L'niversity of Minnesota and a graduate of
music in New York Citv.

The first of this family to
THOMPSON emigrate to America
spelled the name Tomson,
and as he was born in the northern part of
Wales, not far from Scotland, it is presumed
he w-as of Scotch extraction. The name has
long been known in England, Scotland and
Ireland, spelled in several different ways.
Soon after the family located in America it
was spelled with "Th," but the p was not in-
serted for more than a hundred years.

(I) John Tomson was born in 1616, in
Wales, and it is a tradition that his father died
soon after his birth and his mother married



again. From his limited means of eilucation
and his youth at the time of his emigration,
about 1622, it is probable he did not know his
lineage. He died June 16, 1696, and his grave
is marked "Lieutenant John Thompson."' He
married Mary Cook, who died March 21, 1714,
in the eighty-eighth year of her age, and both
of them are buried in the first burying-ground
of Middleborough, Massachusetts. Their
children were : Adam, John, Mary, Esther,
Elizabeth, Sarah, Lydia, Jacob, Thomas,
Peter and Mercy.

(H) John (2), second son of John (i) and
I\Iary (Cook) Tomson, was a carpenter; he
was born in 1648 and died November 25, 1725.
He married Mary, daughter of Ephraim Tink-
ham, the emigrant, and she died in 1731 in the
sixty-seventh year of her age. Their children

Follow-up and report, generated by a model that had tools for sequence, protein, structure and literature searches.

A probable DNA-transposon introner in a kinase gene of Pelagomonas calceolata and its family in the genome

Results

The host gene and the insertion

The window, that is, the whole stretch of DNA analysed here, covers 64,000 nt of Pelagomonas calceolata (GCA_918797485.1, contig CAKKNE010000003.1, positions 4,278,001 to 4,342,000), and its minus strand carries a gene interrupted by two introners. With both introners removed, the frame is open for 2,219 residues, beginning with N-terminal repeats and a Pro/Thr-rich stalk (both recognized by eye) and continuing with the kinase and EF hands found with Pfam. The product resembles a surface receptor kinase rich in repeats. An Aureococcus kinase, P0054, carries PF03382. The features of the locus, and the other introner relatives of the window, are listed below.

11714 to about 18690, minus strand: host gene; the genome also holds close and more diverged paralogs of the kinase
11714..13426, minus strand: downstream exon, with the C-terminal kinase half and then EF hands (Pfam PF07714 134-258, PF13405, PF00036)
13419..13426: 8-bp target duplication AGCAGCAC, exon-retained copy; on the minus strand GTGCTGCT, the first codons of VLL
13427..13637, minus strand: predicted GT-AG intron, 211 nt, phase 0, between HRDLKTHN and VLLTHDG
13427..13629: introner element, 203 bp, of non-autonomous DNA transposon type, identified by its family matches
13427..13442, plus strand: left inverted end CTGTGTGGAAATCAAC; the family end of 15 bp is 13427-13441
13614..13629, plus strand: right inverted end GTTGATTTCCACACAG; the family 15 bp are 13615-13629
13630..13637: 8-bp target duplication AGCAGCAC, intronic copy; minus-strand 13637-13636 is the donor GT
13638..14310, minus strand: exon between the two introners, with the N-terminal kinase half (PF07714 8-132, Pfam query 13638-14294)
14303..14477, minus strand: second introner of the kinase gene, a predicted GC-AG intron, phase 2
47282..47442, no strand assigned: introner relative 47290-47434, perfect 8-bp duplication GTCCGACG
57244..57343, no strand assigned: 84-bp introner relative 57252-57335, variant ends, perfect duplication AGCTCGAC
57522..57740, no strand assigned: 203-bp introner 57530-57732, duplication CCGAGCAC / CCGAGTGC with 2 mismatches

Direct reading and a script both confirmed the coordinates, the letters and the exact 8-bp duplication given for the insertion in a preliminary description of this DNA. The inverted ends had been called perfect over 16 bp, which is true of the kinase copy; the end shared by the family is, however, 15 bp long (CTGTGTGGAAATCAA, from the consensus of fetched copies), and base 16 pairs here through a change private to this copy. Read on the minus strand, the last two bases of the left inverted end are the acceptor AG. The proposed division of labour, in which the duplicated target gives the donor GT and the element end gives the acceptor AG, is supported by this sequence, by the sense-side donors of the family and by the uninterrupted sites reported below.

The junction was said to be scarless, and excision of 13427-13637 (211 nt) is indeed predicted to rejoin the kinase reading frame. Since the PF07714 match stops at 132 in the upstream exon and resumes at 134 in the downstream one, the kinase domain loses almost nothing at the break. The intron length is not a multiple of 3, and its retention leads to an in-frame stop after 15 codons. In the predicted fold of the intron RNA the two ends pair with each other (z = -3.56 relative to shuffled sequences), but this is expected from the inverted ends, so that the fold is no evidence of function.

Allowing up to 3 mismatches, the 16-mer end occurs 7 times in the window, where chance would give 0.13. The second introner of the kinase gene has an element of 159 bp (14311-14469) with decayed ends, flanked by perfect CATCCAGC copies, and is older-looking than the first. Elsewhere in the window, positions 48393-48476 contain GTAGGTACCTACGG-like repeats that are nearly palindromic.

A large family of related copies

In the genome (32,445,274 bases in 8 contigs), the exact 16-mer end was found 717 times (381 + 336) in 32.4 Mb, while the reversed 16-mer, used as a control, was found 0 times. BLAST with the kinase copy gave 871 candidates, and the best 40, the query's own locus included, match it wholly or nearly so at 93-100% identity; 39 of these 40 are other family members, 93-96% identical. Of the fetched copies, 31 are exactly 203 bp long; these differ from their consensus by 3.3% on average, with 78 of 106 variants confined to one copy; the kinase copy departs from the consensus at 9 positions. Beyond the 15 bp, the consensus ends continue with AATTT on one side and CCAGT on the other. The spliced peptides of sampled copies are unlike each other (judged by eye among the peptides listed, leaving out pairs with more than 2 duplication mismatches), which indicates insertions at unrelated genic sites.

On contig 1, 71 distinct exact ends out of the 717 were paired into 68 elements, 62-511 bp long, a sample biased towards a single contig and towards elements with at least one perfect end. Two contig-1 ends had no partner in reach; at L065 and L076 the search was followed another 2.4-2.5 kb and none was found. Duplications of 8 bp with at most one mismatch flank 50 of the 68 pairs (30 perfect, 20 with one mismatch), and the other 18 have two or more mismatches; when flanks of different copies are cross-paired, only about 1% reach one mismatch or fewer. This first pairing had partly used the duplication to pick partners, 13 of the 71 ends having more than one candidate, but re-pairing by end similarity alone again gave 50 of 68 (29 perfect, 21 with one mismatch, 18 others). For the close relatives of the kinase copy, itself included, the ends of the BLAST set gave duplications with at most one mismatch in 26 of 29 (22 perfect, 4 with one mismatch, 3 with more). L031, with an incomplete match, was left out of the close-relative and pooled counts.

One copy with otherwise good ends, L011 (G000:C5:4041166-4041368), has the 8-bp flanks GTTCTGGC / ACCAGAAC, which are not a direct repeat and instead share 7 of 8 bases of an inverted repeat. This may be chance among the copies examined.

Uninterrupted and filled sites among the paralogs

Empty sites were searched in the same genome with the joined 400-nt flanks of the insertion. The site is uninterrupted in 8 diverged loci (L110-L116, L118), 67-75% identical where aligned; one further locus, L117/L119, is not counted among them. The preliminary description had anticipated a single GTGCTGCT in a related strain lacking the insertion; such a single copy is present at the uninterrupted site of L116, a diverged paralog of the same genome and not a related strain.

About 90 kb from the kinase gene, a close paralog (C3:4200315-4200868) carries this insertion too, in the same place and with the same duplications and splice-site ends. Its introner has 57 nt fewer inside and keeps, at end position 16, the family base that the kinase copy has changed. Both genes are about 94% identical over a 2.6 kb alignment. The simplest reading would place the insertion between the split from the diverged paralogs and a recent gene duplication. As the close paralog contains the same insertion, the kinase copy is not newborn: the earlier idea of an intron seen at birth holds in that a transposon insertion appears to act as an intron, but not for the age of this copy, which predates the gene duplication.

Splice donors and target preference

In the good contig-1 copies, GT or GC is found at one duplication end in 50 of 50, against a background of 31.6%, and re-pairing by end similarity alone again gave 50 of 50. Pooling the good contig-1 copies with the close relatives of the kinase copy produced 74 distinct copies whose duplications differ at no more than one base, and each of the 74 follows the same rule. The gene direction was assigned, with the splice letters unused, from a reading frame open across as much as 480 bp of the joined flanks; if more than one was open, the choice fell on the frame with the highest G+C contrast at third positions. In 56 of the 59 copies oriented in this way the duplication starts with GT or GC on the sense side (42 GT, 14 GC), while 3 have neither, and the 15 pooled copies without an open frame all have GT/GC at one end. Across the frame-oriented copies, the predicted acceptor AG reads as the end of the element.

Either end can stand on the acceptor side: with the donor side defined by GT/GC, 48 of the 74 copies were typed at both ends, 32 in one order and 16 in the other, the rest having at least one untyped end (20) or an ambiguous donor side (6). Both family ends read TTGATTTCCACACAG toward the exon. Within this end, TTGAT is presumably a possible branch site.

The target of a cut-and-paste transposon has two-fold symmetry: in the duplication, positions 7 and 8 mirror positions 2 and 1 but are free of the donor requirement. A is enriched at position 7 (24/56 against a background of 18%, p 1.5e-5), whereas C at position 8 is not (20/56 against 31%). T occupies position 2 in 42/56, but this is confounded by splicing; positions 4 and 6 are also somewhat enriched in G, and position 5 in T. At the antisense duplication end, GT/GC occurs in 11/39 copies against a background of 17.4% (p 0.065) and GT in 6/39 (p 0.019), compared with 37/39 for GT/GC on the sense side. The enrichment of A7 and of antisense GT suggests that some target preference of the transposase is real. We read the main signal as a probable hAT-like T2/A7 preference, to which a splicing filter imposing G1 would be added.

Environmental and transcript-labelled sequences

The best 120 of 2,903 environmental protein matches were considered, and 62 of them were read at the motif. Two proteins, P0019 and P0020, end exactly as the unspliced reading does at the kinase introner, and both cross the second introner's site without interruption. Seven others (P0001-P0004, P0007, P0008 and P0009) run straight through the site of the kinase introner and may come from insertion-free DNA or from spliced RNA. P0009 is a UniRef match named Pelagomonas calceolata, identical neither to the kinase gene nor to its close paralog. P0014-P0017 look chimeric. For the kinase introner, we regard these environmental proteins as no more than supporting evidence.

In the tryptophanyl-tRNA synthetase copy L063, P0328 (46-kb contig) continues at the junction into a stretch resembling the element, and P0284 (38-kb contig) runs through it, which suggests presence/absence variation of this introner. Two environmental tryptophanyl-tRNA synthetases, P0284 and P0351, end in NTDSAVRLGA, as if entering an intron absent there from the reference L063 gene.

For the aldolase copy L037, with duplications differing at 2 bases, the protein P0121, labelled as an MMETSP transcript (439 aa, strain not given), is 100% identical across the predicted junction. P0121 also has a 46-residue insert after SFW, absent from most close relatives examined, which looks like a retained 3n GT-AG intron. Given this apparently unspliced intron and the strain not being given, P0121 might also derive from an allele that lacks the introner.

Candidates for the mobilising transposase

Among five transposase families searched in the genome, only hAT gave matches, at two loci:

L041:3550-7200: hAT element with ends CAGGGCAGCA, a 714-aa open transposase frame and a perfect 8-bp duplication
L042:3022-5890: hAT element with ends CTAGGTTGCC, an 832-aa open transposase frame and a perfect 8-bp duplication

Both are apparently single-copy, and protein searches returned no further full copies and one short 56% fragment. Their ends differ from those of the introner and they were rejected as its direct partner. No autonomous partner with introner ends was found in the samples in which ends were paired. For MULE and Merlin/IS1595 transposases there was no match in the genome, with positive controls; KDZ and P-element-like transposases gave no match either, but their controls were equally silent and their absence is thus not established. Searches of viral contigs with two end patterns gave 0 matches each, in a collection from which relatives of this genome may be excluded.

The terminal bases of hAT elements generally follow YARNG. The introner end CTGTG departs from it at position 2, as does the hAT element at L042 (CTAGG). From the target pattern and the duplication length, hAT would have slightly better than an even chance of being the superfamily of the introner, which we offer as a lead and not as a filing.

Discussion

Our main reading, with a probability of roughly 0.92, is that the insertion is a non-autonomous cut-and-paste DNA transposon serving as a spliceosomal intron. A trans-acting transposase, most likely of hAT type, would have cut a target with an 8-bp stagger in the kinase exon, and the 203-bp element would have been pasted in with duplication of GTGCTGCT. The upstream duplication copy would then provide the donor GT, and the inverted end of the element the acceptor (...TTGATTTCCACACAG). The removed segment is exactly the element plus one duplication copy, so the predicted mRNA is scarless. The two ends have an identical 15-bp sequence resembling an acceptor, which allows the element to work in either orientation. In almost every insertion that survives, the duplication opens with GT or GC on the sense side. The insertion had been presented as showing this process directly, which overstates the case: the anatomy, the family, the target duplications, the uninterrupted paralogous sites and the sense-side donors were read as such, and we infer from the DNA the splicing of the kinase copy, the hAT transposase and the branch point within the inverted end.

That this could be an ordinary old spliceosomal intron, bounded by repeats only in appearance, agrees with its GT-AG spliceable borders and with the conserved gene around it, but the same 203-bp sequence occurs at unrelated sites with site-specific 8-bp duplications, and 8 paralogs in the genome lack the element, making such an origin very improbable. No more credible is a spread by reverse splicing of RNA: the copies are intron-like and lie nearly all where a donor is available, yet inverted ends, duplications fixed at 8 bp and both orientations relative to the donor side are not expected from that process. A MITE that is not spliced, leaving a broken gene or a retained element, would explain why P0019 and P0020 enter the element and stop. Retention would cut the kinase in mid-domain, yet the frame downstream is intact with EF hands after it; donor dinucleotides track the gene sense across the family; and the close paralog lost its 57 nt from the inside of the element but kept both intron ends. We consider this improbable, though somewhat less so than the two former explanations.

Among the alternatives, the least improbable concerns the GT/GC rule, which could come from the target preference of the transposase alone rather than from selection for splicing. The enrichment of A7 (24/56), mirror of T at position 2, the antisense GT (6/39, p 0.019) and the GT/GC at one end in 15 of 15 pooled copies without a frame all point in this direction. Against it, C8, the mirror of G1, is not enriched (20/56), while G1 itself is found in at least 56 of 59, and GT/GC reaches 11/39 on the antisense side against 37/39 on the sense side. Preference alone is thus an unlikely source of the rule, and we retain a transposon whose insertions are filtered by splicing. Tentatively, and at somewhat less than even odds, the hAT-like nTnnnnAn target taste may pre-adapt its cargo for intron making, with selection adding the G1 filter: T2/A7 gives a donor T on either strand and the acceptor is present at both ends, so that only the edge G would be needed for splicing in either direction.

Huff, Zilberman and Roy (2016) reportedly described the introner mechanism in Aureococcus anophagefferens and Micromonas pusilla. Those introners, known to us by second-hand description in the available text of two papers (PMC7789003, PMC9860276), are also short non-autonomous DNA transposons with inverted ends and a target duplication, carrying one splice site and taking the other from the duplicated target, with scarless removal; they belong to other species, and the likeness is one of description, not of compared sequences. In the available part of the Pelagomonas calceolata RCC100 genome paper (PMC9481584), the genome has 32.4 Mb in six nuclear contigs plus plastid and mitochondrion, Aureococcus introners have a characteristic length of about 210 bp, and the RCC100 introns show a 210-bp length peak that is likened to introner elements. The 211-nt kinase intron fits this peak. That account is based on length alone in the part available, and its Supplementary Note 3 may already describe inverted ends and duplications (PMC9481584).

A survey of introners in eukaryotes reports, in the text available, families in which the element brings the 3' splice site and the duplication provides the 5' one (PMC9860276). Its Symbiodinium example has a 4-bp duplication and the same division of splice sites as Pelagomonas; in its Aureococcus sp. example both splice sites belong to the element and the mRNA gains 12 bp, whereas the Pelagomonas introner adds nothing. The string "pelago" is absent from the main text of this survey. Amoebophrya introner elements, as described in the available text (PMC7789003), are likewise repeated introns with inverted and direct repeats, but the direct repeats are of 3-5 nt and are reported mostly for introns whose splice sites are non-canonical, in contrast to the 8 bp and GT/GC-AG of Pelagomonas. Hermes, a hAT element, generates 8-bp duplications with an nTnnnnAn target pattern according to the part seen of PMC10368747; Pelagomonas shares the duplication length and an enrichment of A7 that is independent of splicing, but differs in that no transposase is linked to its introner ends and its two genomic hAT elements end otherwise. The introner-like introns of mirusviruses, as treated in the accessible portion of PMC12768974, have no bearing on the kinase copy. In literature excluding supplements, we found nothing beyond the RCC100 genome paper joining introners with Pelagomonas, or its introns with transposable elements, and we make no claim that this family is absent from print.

were : John, Ephraim, Thomas, Shubael,
Mary, Martha, Francis, Sarah, Peter, Jacob
and Ebenezer.

(HI) Shubael, fourth son of John (2) and
Mary (Tinkham) Thomson, was born in 1685
and died July 7, 1734. He married Susanna
Parker, who died June 9, 1734, and their chil-
dren were : Shubael, Thomas, Isaac, John
and Mary.

(IV) John (3), fourth son of Shubael and
Susanna (Parker) Thomson, was born in
1727 and died June 22, 1776. He married
(first) Lydia Wood, who died January 28,
1761, and they had ten children: Shubael,
Susanna, Isaac, John, Ezra, Lydia, Sarah,
L'zza, Fear and Priscilla. He married (sec-
ond) Widow Sarah Soule, who died August
20. 1805, and they had one child, Mary.

(V) Isaac, second son of John (3) and
Lydia (Wood) Thomson, was born February

1, 1746, and died December 21, 1819. He
represented the town of Middleborough in the
state legislature, then represented the county
of Plymouth in the senate until his age com-
pelled his retirement from public life, and was
justice of the peace until his death. He was